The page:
1000 and something days ago

Can you remember where you were at in life 3 years ago?

Did you have a job?

Where did you work?

Were you happy?

How were you spending your free time?

Where did you live?

What were you reading?

What were your life goals?

Who were your friends?

Who were you dating?

A lot can change in 1000 and something days and in a ‘go, go, go!’ society it can be easy to overlook just how far you’ve come.

Maybe you went from working part-time in a cafe, pretty happy with life, reading sci-fi and dating a dreamy guy who took you on picnics and twirled you to beautiful music.

But now you work full-time in HR, you’re not particularly happy, you have live in an expensive apartment in the city and don’t make time to read anymore.

And 3 years from now, things could be better, worse or maybe just different

The second time around

It’ll almost always be easier.

Yet we often end up worrying about how wrong things went the first time and then history just ends up repeating itself.

And then we start to lose faith in our ability, thinking that things are impossible, that we are incapable.

The inner monologue gets carried away and you know exactly what that sounds like.

But what if the second time around we begin with a short reflection on the pros and cons of our previous approach and then create an outcome based action plan.

Taking a optimistic future oriented approach might just be more beneficial.

Pivotal moments

How one small act can change it all

One of my oldest beliefs is that pivotal moments exist. We don’t always recognise them in the moment but on reflection we can see that the small thing that we said or did changed the trajectory or has greatly impacted who we are today.

I experienced a pivotal moment over a year ago. I committed to an act of bravery in spite of fear and panic. Unlike before even, prior to taking any action I knew that I was on course to quite literally transform my life, I could just feel it.

It was that feeling that enabled me to go forth despite the survival mode bit of my brain presenting a strong case against doing what I wanted to do.

Becoming a fan

You like that song by that band you randomly came across on Spotify. They happen to be from the same city as your favorite Brit Pop band .

You follow the band on twitter, you tweet them about how much you love their music. You make your way through all their songs over and over again.

You know most of the words now.

You see that they have a show in your city and you squeal with excitement. You’ve been into this band for almost 6 months and getting to see them live is what you’ve been waiting for.

The cost of the gig is like £8, so cheap you book your ticket the day they go on sale.

The night has finally arrived and you’re at home pulling out the contents of your wardrobe. You need something that says, ‘I think you guys are so great and I love your music’ but at the same time is subtle and sophisticated.

You spend a few hours in a dimmed basement room with a drink in hand shouting along as the band performs their set. You manage to get front and centre, how else could you express to the band how much of a fan you are?

You jump, sing and shimmy the night away until suddenly they’ve reached their last song. The crowd is going wild, you’re glad to be apart of it. So carried away by the music that you become one of those people that clambers onto the stage. Theirs about 15 of you up their happy and smiling, there’s no doubt that this music means something to you.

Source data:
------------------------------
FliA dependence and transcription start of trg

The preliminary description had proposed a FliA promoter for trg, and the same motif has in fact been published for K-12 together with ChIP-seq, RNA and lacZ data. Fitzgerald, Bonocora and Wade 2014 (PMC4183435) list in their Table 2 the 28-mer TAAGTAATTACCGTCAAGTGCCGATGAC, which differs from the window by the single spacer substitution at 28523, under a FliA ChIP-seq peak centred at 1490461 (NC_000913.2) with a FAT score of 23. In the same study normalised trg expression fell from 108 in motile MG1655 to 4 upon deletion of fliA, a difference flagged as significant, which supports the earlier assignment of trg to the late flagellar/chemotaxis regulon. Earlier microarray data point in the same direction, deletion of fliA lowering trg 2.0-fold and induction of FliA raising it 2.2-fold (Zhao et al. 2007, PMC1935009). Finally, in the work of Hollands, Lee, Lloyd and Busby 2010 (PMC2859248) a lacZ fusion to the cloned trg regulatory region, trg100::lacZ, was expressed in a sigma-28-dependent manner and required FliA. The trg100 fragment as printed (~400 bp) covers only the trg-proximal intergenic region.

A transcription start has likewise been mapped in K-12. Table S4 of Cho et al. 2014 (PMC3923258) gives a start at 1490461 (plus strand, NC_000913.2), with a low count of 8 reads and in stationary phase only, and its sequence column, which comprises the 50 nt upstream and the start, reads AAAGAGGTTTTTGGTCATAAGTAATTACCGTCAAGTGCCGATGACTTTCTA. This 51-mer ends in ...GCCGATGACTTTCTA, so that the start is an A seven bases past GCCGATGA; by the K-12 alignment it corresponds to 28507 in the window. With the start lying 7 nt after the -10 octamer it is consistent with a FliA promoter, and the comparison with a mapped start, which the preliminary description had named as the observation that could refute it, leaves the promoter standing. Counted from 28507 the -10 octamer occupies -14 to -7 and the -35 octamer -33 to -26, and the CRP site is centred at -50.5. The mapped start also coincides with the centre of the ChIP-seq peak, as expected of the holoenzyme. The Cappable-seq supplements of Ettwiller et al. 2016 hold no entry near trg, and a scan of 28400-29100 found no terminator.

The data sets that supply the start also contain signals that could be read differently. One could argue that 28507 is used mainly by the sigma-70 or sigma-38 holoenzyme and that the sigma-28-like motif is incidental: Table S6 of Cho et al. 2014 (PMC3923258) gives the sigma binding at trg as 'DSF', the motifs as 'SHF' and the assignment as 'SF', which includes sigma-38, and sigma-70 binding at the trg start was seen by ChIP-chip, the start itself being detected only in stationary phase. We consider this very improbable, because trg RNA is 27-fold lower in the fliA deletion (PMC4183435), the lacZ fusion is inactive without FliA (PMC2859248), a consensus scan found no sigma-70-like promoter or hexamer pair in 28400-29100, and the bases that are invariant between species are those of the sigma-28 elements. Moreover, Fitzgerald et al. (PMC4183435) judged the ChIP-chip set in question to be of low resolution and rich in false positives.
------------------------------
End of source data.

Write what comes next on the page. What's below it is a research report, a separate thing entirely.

And then the final song is over.

You’re buzzing full of energy and you’re sweaty but you don’t care.

You can’t wait to do it all again.

 

Always a dreamer

I think I’ve always been a bit of a daydreamer but also someone who can spend long amounts of time in their own thoughts and their own company.

I did that so freely as a child and it’s only really as I got older that it felt like it became an issue. I fell into trying to be someone outside of who I am and other people would comment negatively on me simply being myself.

As much as I can be so many different things, the part of me that just likes to sit and get lost in creating always remains.

Waiting for flames

I was reflecting on an old friendship recently and I realised how empty and almost meaningless it had become.

I think it’s difficult to let go of a friendship where the passing of time has changed the way things were.

But there’s only so much you can give and there’s only so much you should give before making peace with the way things are and moving on.

However I find myself battling the part of me that struggles to move on unless things have gone up in flames. Because until that point I feel like there is still a possibility that things can be salvaged.

So, here I am waiting for flames.

When things don’t go to plan

It’s impossible to be prepared for every possible life circumstance that can arise. We don’t plan for people being unwell, long’term unemployment, falling into a depression, someone stealing your bag etc.

But the more I experience different aspects of life I’m learning to be okay with things that happen.

I remember years ago writing the words ‘I can’t control the the things that are out of my control.’

It’s pretty obvious when you think about it and despite knowing that we can’t control everything that happens we often end up still feeling this sense of helplessness.

Around 6 months ago someone stole my bag and I felt helpless but also annoyed. Some stranger now had the lip gloss I’d bought less than a week ago along with my journal.

Whoever took my bag probably hoped to steal something a little more significant so no doubt they were disappointed with what they found as 2 days later my bag was found on the street.

Things didn’t go to plan for them either.